Thursday, September 15, 2011
The thing is, it really is the dream. Or one of those dreams. Writing in a coffee shop is one of those projections of yourself you throw, in childhood, up against the wall of the unknown future. I will scribble poetry on the backs of cocktail napkins. I will breeze past the doorman at my New York City apartment. I'll spend my summers in a Paris garret doing...whatever it is you do in garrets. (At top speed. With maximum panache.)
Of course, the Devil is in the details. There are only so many cups of coffee you can drink before you get the shakes. The money I make writing barely covers my yearly car insurance bill. I have more jobs than I do readers.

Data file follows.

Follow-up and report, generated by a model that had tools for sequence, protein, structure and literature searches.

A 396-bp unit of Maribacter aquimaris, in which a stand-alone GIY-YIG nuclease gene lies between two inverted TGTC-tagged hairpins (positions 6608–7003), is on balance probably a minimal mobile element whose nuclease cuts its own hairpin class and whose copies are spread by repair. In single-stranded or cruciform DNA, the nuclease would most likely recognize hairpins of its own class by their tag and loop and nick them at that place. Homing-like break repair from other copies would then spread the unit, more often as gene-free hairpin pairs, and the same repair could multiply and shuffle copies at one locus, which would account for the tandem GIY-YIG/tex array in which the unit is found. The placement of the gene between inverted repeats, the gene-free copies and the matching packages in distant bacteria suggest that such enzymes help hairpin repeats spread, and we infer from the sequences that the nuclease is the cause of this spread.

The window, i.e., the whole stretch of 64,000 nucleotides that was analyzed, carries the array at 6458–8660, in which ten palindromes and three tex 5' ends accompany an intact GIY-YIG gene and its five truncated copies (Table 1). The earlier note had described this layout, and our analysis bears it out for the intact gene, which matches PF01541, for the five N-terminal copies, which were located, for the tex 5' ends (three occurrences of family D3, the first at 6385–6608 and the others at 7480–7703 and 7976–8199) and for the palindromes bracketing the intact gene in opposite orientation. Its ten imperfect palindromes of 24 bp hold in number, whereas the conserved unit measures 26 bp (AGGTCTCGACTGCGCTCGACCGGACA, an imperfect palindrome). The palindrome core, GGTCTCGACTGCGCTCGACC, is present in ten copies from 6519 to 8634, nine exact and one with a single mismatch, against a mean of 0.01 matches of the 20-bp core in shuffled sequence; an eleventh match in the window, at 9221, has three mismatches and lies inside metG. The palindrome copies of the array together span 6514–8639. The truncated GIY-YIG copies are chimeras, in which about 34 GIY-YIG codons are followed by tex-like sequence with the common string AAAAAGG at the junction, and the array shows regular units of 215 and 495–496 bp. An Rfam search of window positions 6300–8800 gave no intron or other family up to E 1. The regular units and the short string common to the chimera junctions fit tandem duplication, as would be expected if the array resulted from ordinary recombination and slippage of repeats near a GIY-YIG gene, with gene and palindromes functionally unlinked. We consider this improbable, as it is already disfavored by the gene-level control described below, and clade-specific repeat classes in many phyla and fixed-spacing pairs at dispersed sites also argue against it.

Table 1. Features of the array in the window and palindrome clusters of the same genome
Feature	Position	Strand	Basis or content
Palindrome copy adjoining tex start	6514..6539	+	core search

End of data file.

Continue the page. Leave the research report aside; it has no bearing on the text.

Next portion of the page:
Still, it's nice to step back and realize: hey, this is it. We so frequently, and so thoroughly, fail our childhood selves. We defer our dreams, or drop them, sidestep them, transmute them. And for the most part, this is good. Children have a flattened understanding of the adult world, a two-dimensional grasp of the topography of tradeoffs, compromises, complexities. As a child, you want to be a ballerina. As an adult, you know ballet dancers make $20,000 a year and are broken down has-beens at 30.
When you do realize a childhood dream, it's often by accident. One day you look up for your coffee and realize, with a jolt, that in the process of minding your own business you've wandered into a present you recognize, dimly, as an imagined future. Here you are, writing. For pay. In a coffee shop.
It's a small benediction, your lips brushing the forehead of your former self. A solace, something to console yourself with when you realize you've just spent half your incoming salary on a latte.